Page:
And, if in addition to ensuring the same educational outcomes between Aboriginal and non-Aboriginal Canadians, we were to eliminate the disparity between Aboriginal and non-Aboriginal workers in terms of employment rate and employment income, the contribution of Aboriginal peoples to our country’s GDP over the 2001–2017 period would increase to $160 billion.
This, as I am sure we would all agree, is a significant amount!
Closing these gaps will require us to make the investments and take the steps necessary to ensure young Aboriginal people can access high-quality education and achieve increasingly higher grades and performance. It will also require political, business and Aboriginal leaders to increase their commitment to partnership and consultation.
Partnership, consultation and education. Those are three broad but vital areas in which the federal government is taking action to ensure an increasing number of Aboriginal people participate in, contribute to, and benefit from, the Canadian economy.
As I look around this room of accomplished, ambitious business people, I know that you too can take action in these areas. Look for opportunities to partner with Aboriginal peoples and Aboriginal businesses. Get involved in efforts to improve consultations among industry, governments and Aboriginal people. Reach out and take advantage of what will become an increasingly educated and skilled Aboriginal work force.
If you look at today’s report published by the Conference Board of Canada, you will notice case studies of successful Aboriginal businesses, all of which reiterate my message. Business partnerships are there to be had and they are in everyone’s best interest. The report speaks about key elements of successful businesses, including skills development, partnerships, and access to capital. It also speaks about another key ingredient that pulls all of this together, and that is visionary leadership. It identified leadership in all regions of the country. Successful Aboriginal companies are found in the resource sectors, in service industries, in the high-tech businesses, but consistently they are successful because of collaboration, not confrontation; because of consultation, not litigation.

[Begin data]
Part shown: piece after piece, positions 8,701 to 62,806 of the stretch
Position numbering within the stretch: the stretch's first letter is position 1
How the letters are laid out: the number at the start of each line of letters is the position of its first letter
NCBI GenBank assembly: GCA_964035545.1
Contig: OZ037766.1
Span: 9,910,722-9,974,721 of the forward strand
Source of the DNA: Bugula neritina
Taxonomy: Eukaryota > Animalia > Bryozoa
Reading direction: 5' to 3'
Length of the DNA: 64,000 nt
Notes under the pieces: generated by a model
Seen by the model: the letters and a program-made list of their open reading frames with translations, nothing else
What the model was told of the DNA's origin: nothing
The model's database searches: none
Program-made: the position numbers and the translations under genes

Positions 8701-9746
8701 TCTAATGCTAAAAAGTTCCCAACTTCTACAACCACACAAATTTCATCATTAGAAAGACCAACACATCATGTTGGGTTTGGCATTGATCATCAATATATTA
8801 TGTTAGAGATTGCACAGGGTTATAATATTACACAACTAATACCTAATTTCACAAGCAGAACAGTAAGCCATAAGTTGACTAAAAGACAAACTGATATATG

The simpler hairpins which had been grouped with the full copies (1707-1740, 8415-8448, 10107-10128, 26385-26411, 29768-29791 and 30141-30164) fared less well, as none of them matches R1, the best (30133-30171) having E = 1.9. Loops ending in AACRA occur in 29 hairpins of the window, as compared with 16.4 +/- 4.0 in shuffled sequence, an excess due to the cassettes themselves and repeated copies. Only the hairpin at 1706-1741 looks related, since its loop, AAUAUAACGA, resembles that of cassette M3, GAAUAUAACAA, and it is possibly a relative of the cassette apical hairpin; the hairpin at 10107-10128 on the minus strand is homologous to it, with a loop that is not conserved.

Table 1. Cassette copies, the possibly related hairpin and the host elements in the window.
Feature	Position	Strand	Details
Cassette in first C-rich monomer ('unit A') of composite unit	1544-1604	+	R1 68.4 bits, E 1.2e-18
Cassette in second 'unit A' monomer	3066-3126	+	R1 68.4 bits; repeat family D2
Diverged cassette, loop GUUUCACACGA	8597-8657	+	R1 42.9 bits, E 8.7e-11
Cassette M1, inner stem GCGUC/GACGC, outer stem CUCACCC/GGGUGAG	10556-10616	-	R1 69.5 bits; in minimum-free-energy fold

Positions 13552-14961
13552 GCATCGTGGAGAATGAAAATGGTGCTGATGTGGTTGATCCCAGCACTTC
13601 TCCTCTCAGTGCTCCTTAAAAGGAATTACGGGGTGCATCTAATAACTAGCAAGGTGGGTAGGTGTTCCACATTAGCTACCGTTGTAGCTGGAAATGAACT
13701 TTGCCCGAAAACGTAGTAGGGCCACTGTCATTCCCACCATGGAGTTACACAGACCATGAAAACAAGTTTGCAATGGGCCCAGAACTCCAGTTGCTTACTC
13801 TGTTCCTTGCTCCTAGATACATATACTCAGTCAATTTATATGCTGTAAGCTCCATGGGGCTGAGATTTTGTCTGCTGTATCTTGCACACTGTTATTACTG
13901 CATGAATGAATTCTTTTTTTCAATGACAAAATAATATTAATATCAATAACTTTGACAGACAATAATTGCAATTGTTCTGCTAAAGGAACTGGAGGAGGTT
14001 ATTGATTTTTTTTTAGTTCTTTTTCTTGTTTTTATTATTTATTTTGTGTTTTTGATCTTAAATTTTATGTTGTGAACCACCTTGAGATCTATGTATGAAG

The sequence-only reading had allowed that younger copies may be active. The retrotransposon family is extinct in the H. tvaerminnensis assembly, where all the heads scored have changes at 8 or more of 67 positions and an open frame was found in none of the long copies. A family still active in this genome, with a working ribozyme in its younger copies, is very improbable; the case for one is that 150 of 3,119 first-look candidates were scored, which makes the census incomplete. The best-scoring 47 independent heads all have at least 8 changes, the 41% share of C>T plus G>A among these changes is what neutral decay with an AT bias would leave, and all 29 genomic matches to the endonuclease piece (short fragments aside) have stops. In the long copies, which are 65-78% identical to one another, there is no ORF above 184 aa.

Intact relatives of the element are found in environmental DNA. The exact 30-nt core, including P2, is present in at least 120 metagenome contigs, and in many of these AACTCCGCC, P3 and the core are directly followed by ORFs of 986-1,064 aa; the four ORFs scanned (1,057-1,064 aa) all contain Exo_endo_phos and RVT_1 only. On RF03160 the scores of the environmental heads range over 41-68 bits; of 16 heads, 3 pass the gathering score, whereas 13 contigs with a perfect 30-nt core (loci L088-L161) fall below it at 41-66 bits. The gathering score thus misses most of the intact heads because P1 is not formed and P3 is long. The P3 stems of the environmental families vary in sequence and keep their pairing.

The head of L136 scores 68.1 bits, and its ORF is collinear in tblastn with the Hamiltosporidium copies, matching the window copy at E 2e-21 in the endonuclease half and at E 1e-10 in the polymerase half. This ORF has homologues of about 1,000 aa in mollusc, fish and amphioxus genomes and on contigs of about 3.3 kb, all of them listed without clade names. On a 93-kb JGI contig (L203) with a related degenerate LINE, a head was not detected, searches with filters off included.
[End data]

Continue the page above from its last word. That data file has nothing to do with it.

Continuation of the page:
They are successful when governments, Aboriginal people, and the business community make it a priority to work together. They are successful when all of our citizens, including Aboriginal people, are active participants in our nation’s economy. And when these businesses see such success, Canada will be able to reach its full potential.
I look forward to working with all of you and all of our Aboriginal people, as we partner together to achieve this desirable goal. Thank you very much for having me.
The appreciation of the meeting was expressed by Charles S. Coffey, OC, Chair, Canadian Centre for Diversity, and Director, The Empire Club of Canada.